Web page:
Today we are probably experiencing some of the most important clashes of ideas since the Age of Enlightenment. If you pay attention to current events around the world, and if you have read The Structure of Scientific Revolutions by Thomas Kuhn [S2], you can probably discern the developing paradigm crisis with the paradigms countries use to rule themselves. Of course the revolution we face is not a scientific revolution per se, but Kuhn’s description of scientific revolutions is just as applicable to a revolution in our conceptions of social and economic reality. In all countries with liberal (here I mean classically liberal) ruling institutions derived from the West’s Age of Enlightenment, their peoples are experiencing severe problems with their economies, and a wide-spread disenchantment with democratic government and ideals. Just do a Google search with the search phrase “disenchantment with democracy” to see how much many see this as a problem.
I think it’s silly to call something a law which is far from universally true, which both of these things are (far from universally true)… while I don’t see any Keynesians claiming what you’ve called Keyne’s law to be a law, I do see conservatives defending Say’s generalization as a “law”. Why the pretension of “law” at all?
At the very heart of the argument between neoclassical economists and Keynesians is the dispute over which economic law best reflects reality: Say’s Law of Markets or Keynes Law. Much of the discord between dirigistes and neoliberals (aka conservatives or classical liberals) would evaporate if this argument could be settled to general satisfaction. At its core the argument is about what changes affect market supply-demand balances the most: changes in supply or demand.
Line of shoppers in front of a Polish shop in the 1980s. A common sight in Warsaw pact countries ruled by communism. Wikimedia Commons
Actually, dirigisme as a way of ruling a country has never really worked. Dirigisme, the philosophy that a country’s elites should rule a country though technocratic expertise, was just never applied with sufficient force to screw up the works. Not at least in Western countries until relatively recently. The Soviet Union was the first really huge example of how badly state control of the economy wrecked its functioning.
Sisyphus is a figure from out of ancient Greek mythology, the founder and king of the city Ephyra, which was (supposedly) later renamed Corinth. He sinned against the gods, particularly against Zeus, by being avaricious and deceitful. He killed travelers and guests, a violation of the Greek laws of hospitality called xenia, a particular sin against Zeus in his role as the protector of guests.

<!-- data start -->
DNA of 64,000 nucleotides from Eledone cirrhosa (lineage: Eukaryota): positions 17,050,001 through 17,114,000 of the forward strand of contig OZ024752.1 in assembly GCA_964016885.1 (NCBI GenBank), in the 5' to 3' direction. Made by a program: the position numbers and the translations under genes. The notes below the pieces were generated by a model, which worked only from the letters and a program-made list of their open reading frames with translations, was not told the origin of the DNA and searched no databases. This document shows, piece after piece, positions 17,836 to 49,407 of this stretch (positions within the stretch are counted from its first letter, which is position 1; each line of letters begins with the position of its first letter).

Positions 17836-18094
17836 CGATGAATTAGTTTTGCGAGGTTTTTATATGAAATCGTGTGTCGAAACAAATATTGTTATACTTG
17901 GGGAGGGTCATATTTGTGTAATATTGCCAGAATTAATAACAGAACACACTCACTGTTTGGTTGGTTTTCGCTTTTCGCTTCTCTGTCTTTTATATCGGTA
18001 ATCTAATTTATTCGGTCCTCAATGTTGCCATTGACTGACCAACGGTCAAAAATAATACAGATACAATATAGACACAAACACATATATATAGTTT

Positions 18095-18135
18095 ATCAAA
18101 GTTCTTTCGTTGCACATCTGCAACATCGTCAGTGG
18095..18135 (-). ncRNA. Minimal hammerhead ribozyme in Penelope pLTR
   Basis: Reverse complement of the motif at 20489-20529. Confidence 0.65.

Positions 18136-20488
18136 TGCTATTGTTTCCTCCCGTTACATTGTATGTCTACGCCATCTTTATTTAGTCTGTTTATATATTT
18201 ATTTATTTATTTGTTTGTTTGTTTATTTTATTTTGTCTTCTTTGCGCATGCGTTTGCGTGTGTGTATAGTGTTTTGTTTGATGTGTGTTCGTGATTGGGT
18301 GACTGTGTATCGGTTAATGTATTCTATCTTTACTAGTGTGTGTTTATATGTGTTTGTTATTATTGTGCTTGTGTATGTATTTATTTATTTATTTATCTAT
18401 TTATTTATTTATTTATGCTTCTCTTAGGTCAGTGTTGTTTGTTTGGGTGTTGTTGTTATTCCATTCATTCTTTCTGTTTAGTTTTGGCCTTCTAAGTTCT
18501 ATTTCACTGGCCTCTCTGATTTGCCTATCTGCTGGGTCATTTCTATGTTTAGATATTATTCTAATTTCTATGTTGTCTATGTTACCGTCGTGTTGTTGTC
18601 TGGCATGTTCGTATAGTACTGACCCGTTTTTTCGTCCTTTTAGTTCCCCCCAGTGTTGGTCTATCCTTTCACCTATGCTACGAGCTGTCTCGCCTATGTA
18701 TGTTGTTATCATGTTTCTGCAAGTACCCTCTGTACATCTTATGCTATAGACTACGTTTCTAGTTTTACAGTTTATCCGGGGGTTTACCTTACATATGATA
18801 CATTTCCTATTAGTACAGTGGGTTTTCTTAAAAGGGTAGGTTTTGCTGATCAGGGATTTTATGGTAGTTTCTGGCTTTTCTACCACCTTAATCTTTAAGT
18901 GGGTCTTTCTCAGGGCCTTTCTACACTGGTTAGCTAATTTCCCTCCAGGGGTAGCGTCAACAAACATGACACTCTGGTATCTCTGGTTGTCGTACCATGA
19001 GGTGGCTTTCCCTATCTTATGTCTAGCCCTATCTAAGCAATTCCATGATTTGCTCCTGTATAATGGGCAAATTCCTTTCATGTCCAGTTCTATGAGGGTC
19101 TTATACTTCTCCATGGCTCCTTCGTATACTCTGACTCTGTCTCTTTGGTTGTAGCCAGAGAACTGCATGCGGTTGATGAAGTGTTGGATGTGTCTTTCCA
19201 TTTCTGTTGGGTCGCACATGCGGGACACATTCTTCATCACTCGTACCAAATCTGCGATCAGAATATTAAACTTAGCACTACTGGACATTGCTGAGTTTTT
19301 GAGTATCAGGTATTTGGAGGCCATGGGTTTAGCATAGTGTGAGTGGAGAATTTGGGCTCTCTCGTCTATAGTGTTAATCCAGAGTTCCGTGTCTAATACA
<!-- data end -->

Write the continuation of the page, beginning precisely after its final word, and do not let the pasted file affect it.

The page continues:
Particularly notable dirigistes from the past. From top-left clockwise: King Louis XIV of France, Karl Marx, Adolf Hitler, Benito Mussolini Image Credits from top-left clockwise:Wikimedia Commons/Louvre Museum,Wikimedia Commons/John Jabez Edwin Mayall, Wikimedia Commons/German Federal Archives,Wikimedia Commons/Time.com Recent thoughts I have had concerning Vladimir Putin, Karl Marx, Adolf Hitler, and Benito Mussolini have led me to wonder about the following question: What causes any human being to adopt the dirigiste mind-set? There seem to be an awful lot of people in the world who believe economies would work one heck of a lot better if they were only more centrally directed by their government. These include progressives in the United States, Western European-style socialists in the European Union, the fascists of the Russian Federation, the communist mandarins of China, and most Japanese involved with the Japanese government. For that matter, I get the impression dirigisme claims most of humanity as believers. But what can possibly convert them all to that religion? Continue Reading…
The Western World’s political and economic elites, standing in for Macbeth’s witches, have certainly been fermenting Western discontent in their magic cauldrons. All over Europe and North America, electorates are seething with anger, frustration, and fear. Could this be the end of … what? It is hard to see exactly how the Western World will change its many world-views, but change them we must if we are to continue existing. If reality is actually different from our views of it, it has a tendency to remind us of the difference in generally unpleasant ways.
Today the Commerce Departmentannounced the GDP growth rate was a very disappointing 1.2 percent for the second quarter of 2016. This is considerably below the 2.6 percent growth expected by economists. To make matters even worse, the first quarter GDP growth rate was revised downward to 0.8 percent, making the average annualized growth rate for the first half of the year 1.0 percent. This is a very far cry from the U.S. historical average of 3.22%.
Mariano Rajoy, Prime Minister of Spain, addresses supporters in the 2011 electoral campaign Photo Credit:Wikimedia Commons/manulqsa